Easter Sunday

March 27, 2005
See Also: 


Nance 2006
Sauter 2003

John Cobb on atonement
John Cobb on redemption
John Cobb on Jesus

Reading 1: 
Jeremiah 31:1-6
Reading 2: 
Psalm 118:1-2, 14-24
Reading 3: 
Colossians 3:1-4 or Acts 10:34-43
Reading 4: 
John 20:1-18 or Matthew 28:1-10
By Joseph A. Bracken

For many Christians belief in the bodily resurrection of Jesus on Easter Sunday and in their own resurrection either at the end of the world or immediately after death has come to seem like wishful thinking. Despite the explicit testimony of the Gospel writers and of St. Paul in his epistles, contemporary Christians often find themselves wondering about the credibility of this belief in the light of what natural science has revealed about human nature, in particular, about the mind-body relationship. In response, some Christian theologians have urged a more symbolic understanding of resurrection, i.e., resurrection as new life in Christ here and now as a result of baptism and the gift of the Holy Spirit. Others have concluded that, given the obvious interdependence of mind and body as revealed by contemporary neuroscience, God miraculously recreates each of us as a purely spiritual reality capable of eternal life at the moment of our death. But this, of course, raises questions about ongoing personal identity, whether we are still the same person as in this life.

My own conviction is that full confidence in the classical doctrine of the resurrection of the body will not be restored until contemporary Christians have at their disposal a philosophical world view of the same scope and depth as what Thomas Aquinas and other medieval thinkers worked out in writing their Summas and other theological treatises. For, at the beginning of the modern era, Rene Descartes rejected the transcendental relation between mind and body taken for granted by his predecessors and proposed instead that the “clear and distinct” ideas of spirit and matter are totally opposed: matter is identified with extension and subject to quantitative analysis; spirit is restricted to the minds of human beings, accessible only through personal reflection (“I think; therefore, I am”). While this move gave an important impetus to the development of early modern natural science, it introduced a wedge between science and the humanities which over time has had very unfortunate consequences for human self-understanding, in particular, for belief in life after death.

Alfred North Whitehead worked out his philosophy of organism in conscious resistance to this dichotomy between matter and spirit in the modern Western mindset. His key presupposition, after all, was that “the final real things of which the world is made up” (Process and Reality, 18) are actual entities or actual occasions, momentary subjects of experience which by reason of their analogous self-constitution coalesce into “societies” corresponding to the material persons and things of this world. Likewise, in the final pages of Process and Reality he notes: “Each actuality in the temporal world has its reception into God’s nature. The corresponding element in God’s nature is not temporal actuality, but is the transmutation of that temporal actuality into a living, ever-present fact” (Process and Reality, 350). But how are we to understand what is meant by “a living, ever-present fact”? Most Whiteheadians presume that what the master had in mind was the objective immortality of created actual occasions within the divine consequent nature since "prehension," even divine prehension, is based on a subject-object relationship.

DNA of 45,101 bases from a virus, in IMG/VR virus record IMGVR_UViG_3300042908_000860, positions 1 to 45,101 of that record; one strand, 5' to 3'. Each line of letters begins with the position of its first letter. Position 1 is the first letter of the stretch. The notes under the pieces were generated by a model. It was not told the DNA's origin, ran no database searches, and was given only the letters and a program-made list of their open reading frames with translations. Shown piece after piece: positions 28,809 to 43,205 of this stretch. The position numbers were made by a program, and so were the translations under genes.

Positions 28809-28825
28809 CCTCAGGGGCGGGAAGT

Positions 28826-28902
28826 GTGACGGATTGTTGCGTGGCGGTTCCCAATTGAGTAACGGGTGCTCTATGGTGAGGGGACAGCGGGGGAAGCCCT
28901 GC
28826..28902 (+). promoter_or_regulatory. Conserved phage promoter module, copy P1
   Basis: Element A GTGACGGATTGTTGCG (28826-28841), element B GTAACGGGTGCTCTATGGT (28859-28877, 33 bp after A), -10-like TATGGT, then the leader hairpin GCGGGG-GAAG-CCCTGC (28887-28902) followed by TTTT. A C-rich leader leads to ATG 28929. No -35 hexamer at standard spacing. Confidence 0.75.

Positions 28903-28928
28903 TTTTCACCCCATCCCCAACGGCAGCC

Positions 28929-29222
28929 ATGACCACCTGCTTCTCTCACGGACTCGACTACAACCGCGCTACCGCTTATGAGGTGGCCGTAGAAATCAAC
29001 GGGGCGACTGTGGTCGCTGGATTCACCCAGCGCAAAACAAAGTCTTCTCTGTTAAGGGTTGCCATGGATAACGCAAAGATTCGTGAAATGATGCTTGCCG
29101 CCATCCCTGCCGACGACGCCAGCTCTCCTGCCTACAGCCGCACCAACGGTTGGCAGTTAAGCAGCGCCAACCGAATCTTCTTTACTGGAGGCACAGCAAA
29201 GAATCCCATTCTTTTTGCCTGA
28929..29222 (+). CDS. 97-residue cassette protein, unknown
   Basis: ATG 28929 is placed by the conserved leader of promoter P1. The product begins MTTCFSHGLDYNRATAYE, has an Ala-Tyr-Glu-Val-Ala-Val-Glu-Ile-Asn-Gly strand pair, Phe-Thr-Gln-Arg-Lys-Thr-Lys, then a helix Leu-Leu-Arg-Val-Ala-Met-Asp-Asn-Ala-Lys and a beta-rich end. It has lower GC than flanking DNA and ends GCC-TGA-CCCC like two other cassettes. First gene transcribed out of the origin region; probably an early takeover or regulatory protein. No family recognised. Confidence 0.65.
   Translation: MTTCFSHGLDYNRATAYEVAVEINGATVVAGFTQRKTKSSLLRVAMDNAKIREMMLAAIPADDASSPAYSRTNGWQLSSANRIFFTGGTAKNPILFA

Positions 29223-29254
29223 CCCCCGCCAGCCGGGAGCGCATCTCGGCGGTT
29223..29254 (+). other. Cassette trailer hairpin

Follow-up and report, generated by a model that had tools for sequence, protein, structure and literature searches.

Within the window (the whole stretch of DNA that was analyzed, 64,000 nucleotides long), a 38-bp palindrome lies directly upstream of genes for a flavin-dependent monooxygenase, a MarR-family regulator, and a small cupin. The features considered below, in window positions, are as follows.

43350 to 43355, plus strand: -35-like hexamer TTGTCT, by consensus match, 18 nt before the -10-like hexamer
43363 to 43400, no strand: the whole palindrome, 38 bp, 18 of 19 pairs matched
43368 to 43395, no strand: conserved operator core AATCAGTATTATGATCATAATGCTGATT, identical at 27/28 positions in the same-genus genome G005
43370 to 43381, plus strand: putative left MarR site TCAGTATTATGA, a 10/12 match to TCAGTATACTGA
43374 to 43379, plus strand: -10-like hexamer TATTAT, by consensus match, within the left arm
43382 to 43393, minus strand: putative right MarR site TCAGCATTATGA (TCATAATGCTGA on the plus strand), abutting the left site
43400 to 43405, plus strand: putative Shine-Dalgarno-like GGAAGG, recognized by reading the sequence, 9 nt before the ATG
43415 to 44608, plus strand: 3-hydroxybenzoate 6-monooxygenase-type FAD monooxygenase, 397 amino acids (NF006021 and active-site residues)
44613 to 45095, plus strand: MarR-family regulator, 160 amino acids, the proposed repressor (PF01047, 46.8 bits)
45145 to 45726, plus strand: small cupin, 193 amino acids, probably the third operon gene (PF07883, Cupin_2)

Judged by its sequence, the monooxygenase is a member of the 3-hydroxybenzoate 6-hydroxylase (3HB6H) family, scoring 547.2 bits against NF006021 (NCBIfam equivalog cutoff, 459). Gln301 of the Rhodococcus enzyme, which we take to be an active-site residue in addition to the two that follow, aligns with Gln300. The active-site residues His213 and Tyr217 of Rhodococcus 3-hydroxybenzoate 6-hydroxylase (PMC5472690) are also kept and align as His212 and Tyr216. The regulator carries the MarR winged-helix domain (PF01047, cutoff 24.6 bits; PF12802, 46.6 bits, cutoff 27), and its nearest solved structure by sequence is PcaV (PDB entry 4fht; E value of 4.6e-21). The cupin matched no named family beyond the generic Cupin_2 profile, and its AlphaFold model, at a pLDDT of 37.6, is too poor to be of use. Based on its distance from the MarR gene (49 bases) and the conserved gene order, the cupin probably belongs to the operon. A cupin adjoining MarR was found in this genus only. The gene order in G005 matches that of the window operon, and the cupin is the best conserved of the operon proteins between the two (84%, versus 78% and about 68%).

Without going into details that I have  worked out elsewhere, I would propose that intersubjectivity, whether between God and created actual occasions or between created actual occasions in their relations with one another, is a societal reality or field-phenomenon. What does this mean? It means that the individual subjects of experience remain distinct from one another even as they continuously co-constitute a shared field of activity structured by their dynamic interrelation. Subjective immortality for human beings and indeed for the societies of actual occasions making up our human bodies, all the animals and plants on the face of the earth, and even all the inorganic “things” of this world consists then in sharing a structured field of activity with the three divine persons of the Trinity. In this way all God’s creatures share in the divine life: here and now quite unthinkingly but in a manner still unknown to us much more fully once this life is ended. Be that as it may, Christians should never give up their cherished belief in the resurrection of the body and the eventual transformation of this world into a “new heaven and a new earth” (Rev. 21/1). All that is really needed to justify such a belief is a new vision of reality, based in all likelihood on a better understanding of what is meant by intersubjectivity.

The Rev. Joseph A. Bracken, S. J., is professor of theology at Xavier University in Cincinnati, Ohio. He is also the author of The One in the Many, The Triune Symbol, Christianity and Process Thought, and coeditor of Trinity in Process: A Relational Theology of God.